Extracts from the back of the book, and the notes at the front- to whet your appetite:
Kathleen Herbert is a scholar and a story-teller. She has written three historical novels as well as non-fiction works about Anglo-Saxon history and mythology.
In 1983, her novel Queen of the Lightning won the Historical Novel Prize awarded annually in memory of Georgette Heyer. Bodley Head published the sequel, Ghost in the Sunlight in 1986. The first novel in the trilogy, The Lady of the Fountain was republished as Bride of the Spear. All three novels are set in Cumbria, Northumbria and the Borders of Scotland, during the period of turmoil and immigration following the withdrawal of Roman troops in the fifth century.
Moon in Leo has a new setting, Lancashire over Sands, and period, but Kathleen's concerns remain the same: conflict, social and political upheaval, and how ordinary folks survive, live and love in uncertain times. She writes with the same mix of meticulous historical research and vivid immediacy.
“I write conversations and episodes when I am actually on site. Very often the place tells me what has happened. It certainly tells me what could not possibly have happened. I compose the story in my head as I move around. It is amazingly evocative.”
Moon in Leo is Kathleen's biggest novel yet and, she believes, her best. It celebrates the bawdy of Restoration Comedy, the whole range of religious belief from matriarchal mysteries through to Hobbesian materialism, and the richness of everyday life in the 1670s. We taste the syllabubs and the subtleties, the clap-bread and the fresh-caught flukes; we feel the velvets and the crisp linens, appreciate the turn of a cuff, and the rakish angle of a beaver. We sing the songs, we breathe the same air, and when the book is finished, we are reluctant to put it down; we feel a great sadness, as from a parting with old friends.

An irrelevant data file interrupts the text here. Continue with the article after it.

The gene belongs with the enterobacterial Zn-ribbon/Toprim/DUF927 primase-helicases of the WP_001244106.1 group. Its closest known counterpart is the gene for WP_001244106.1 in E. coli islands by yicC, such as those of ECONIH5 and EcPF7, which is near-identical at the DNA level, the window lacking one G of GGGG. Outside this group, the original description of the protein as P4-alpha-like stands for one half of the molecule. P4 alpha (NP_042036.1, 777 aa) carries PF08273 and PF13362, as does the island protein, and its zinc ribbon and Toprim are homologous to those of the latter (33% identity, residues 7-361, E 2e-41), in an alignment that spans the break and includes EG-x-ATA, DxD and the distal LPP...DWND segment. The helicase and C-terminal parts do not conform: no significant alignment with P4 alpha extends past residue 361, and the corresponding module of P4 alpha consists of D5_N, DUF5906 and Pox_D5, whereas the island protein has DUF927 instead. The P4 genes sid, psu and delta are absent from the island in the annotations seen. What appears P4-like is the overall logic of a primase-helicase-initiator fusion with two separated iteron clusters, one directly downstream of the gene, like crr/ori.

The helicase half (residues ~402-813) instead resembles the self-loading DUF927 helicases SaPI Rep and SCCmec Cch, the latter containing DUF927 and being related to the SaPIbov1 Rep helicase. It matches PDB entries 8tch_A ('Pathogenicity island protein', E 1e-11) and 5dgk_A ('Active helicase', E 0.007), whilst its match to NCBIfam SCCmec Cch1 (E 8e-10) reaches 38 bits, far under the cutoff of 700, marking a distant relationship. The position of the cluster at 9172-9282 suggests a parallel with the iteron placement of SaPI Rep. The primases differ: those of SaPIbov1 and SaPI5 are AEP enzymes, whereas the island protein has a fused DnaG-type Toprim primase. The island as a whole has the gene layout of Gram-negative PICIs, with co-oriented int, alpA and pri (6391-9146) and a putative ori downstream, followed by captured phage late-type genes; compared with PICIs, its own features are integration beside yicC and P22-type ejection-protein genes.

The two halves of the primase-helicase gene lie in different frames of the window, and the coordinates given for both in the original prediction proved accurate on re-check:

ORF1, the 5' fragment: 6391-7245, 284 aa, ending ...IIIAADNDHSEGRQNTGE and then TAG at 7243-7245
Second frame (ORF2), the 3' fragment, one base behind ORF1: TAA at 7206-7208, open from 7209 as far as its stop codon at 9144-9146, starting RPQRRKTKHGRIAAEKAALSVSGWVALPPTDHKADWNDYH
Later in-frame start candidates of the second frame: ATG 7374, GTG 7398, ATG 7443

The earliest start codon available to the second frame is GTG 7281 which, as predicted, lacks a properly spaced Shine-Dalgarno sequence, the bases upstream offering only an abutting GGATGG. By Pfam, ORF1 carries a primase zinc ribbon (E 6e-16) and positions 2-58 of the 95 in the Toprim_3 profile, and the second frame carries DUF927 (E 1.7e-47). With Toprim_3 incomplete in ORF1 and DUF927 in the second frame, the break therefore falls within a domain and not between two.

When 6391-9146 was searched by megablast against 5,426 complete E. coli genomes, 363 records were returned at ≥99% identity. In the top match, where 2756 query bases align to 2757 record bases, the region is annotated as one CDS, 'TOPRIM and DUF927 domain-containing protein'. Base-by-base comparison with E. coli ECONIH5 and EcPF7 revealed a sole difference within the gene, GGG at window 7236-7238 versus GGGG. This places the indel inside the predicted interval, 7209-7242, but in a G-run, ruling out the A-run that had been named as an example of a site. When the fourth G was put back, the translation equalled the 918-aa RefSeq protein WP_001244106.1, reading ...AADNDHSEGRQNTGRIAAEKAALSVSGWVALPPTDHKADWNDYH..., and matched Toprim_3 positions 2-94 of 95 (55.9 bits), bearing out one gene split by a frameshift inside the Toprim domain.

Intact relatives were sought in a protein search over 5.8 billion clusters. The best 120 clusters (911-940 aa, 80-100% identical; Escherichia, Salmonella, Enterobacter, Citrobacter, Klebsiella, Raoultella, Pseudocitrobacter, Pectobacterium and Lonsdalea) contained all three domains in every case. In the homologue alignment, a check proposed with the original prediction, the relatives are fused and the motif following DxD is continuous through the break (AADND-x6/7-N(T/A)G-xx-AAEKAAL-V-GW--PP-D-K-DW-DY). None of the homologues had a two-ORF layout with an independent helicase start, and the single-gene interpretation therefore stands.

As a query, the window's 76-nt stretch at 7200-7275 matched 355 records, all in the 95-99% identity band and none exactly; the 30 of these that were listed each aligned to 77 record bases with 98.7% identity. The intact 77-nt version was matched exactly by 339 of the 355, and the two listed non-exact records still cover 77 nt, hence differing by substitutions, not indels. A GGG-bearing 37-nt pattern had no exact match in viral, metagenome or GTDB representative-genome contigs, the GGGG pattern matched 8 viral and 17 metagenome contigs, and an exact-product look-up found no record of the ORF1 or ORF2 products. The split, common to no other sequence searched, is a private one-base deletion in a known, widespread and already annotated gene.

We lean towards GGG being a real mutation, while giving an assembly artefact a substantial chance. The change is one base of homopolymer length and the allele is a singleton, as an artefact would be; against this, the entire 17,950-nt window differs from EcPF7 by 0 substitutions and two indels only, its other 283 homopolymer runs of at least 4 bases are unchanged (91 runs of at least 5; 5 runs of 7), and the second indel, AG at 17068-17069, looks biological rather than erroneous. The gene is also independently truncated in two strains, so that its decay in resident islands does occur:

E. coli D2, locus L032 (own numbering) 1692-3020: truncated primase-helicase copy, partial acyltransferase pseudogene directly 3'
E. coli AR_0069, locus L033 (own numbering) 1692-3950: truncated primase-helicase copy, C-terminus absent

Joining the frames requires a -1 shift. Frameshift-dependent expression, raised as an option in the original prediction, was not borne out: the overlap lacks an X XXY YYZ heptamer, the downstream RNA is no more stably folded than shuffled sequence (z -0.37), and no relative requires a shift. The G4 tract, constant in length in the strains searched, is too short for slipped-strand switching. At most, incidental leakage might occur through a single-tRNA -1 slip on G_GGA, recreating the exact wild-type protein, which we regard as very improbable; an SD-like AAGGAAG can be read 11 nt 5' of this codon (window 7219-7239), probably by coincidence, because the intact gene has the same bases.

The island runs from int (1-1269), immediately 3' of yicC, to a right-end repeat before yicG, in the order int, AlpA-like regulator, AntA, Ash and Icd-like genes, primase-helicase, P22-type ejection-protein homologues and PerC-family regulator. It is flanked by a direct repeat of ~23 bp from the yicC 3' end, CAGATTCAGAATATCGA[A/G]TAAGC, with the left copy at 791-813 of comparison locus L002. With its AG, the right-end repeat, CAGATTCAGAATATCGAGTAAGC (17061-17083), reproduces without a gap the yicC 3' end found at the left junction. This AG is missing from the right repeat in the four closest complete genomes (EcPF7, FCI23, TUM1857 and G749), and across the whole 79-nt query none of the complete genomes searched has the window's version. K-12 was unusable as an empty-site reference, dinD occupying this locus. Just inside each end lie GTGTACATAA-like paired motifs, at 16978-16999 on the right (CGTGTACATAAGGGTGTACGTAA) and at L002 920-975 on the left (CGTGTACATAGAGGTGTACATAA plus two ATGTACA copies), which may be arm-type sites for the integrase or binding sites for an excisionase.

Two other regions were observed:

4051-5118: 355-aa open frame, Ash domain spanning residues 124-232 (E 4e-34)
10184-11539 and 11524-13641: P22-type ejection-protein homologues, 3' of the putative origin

This is Kathleen Herbert at her rich best: with a book which is like the woman- intelligent, full of humour and above all, deeply humane.
People turned out of their homes; others living rich beyond the dreams of the dispossessed. Science struggling with superstition; celebrity and royalty parading in a public sexual carnival. This love story takes place among the political intrigues and religious hatred of England’s age of upheaval between civil war and ‘glorious revolution’.
Of the two men in Rosamund Halistan's life, one is a fellow scholar of the occult, the other a wild hedonist with tragic memories. She suspects both of them of attempts on her brother’s life and designs on her body and land.
It’s harder to find a safe path through the thickets of treason and bigotry than through the rip-tides and quicksands, solid routes and sanctuary in the sands of Morecambe Bay.
Written with passion … and an extraordinarily vivid sense of place…” Sarah Johnson: Reading the Past